INS Sindhurakshak tragedy: Identifying bodies could take a week
More than four days after tragic serial explosions on INS Sindhurakshak destroyed the submarine and killed several officers and men of the Indian Navy, naval divers extracted one more body from the submarine on Saturday, taking the number of bodies recovered to six in past two days. An entry of Accidental Death Register (ADR) has been made at the Colaba police station and the charred corpse sent for an autopsy to the JJ postmortem centre.
According to forensic surgeons attached to the Department of Forensic Medicine and Toxicology, Grant Medical College, almost all the bodies brought for autopsy displayed similar features -- the bodies were exposed to high temperature and then immediately to boiling hot water. This was evident from the fact that the body was not completely charred, the skin was burnt and peeled and bones were visible on the face, hands and legs -- making identification difficult. Like at the time of the five bodies extracted earlier, four naval doctors attached to INHS Asvini were present during the postmortem. Additional Commissioner of Police (South) Region, Krishna Prakash confirmed that only one body was recovered on Saturday and laid to rest the speculation of three more bodies being found from the submarine.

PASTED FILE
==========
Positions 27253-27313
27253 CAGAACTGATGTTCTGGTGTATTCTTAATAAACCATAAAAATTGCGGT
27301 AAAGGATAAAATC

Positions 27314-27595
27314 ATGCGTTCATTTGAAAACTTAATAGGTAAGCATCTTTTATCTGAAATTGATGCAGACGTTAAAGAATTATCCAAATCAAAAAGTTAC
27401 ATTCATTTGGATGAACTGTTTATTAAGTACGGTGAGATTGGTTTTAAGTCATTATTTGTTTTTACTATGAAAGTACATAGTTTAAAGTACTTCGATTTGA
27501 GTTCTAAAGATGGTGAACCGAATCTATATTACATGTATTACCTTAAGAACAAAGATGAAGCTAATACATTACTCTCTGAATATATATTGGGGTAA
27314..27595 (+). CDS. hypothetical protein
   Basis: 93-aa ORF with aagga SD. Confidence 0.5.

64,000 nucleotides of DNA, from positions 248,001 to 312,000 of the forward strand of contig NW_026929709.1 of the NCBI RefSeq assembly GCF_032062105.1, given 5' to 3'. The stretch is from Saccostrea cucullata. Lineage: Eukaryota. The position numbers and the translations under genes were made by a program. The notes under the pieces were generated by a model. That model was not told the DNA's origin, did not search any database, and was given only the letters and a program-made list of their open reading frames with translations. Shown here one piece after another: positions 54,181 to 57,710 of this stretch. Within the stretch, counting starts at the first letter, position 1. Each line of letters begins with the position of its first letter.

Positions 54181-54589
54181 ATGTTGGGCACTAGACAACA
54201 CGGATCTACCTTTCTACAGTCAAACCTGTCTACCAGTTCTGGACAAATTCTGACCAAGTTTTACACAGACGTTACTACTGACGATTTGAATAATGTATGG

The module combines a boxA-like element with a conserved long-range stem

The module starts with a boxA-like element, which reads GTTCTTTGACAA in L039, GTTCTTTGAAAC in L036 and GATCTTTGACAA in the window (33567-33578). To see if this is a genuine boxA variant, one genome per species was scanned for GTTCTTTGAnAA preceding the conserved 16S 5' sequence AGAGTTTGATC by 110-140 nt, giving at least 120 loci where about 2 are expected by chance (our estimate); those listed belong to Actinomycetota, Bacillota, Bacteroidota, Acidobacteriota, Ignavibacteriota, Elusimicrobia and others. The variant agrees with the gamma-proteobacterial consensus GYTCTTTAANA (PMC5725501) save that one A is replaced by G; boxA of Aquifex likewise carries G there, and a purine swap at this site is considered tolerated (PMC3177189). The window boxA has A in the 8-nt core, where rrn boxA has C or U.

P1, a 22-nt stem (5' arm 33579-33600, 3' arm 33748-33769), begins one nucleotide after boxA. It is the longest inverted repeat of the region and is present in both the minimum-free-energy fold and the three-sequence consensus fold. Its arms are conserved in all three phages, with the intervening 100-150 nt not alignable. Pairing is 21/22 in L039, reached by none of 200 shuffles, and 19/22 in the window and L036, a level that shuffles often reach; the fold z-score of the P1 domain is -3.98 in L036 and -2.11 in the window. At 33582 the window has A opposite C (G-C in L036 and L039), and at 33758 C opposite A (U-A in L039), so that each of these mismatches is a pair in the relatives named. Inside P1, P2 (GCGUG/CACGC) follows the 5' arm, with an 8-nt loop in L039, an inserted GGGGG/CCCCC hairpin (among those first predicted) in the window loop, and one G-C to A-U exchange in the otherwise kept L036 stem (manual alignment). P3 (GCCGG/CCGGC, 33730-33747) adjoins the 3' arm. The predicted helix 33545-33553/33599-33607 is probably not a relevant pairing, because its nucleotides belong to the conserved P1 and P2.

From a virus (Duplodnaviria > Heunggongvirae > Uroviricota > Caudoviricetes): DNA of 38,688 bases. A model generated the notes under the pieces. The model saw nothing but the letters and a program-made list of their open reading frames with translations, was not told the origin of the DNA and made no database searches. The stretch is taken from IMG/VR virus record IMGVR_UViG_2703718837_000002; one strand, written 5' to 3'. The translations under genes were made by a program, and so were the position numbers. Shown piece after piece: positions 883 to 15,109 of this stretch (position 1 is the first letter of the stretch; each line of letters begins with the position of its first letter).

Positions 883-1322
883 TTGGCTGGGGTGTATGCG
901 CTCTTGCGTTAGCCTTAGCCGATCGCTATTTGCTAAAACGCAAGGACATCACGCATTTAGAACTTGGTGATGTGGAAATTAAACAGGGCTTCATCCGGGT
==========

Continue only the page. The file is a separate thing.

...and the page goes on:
DNA reports to take another week
Meanwhile DNA samples and viscera of one out of the five naval personnel were sent to the Forensics Science Laboratory (FSL), Kalina on Saturday evening. Arrangements were made at FSL to collect the samples even if it came late in the night, as special case. peaking to SUNDAY MiD DAY, M K Malwe, director, State FSL, confirmed receiving the sample and said, “I have instructed the Director (DNA) and his team to get the samples tested at priority, but it will still take any where between four days to a week to submit the reports.” The DNA section of FSL, has over 1,200 cases pending for DNA profiling and matching, received in last six months from all over the state. “On an average the centre gets 40 to 50 samples for DNA profiling every month,” explained a scientist.
When asked the reason for such a large number of pending cases, the scientist said they have a single DNA sequencing machine, which is worth R one crore and hence the delay. “I will have to go through the samples sent. In some cases, the blood samples of the relatives match with the DNA of femur bones and tooth enamel of the deceased faster, but in some cases, it does not, and we may have to conduct repeated tests.
We may take a week to submit our findings,” said a scientist. Meanwhile, Commander Roy Francis, a submariner from Kochi Naval base, has been called in to assist the rescue team. According to him, “The entire operation is taking time as it is very difficult for the divers to enter the submarine that has been burnt badly. There are sharp edges, hanging wires, oil and other residues which is blocking their path inside a pitch dark area.” On Saturday, the Navy in a written note to the media stated that Naval divers had successfully prised open the rear escape hatch, which was submerged below water and jammed. Efforts were also being made to open the forward escape hatch.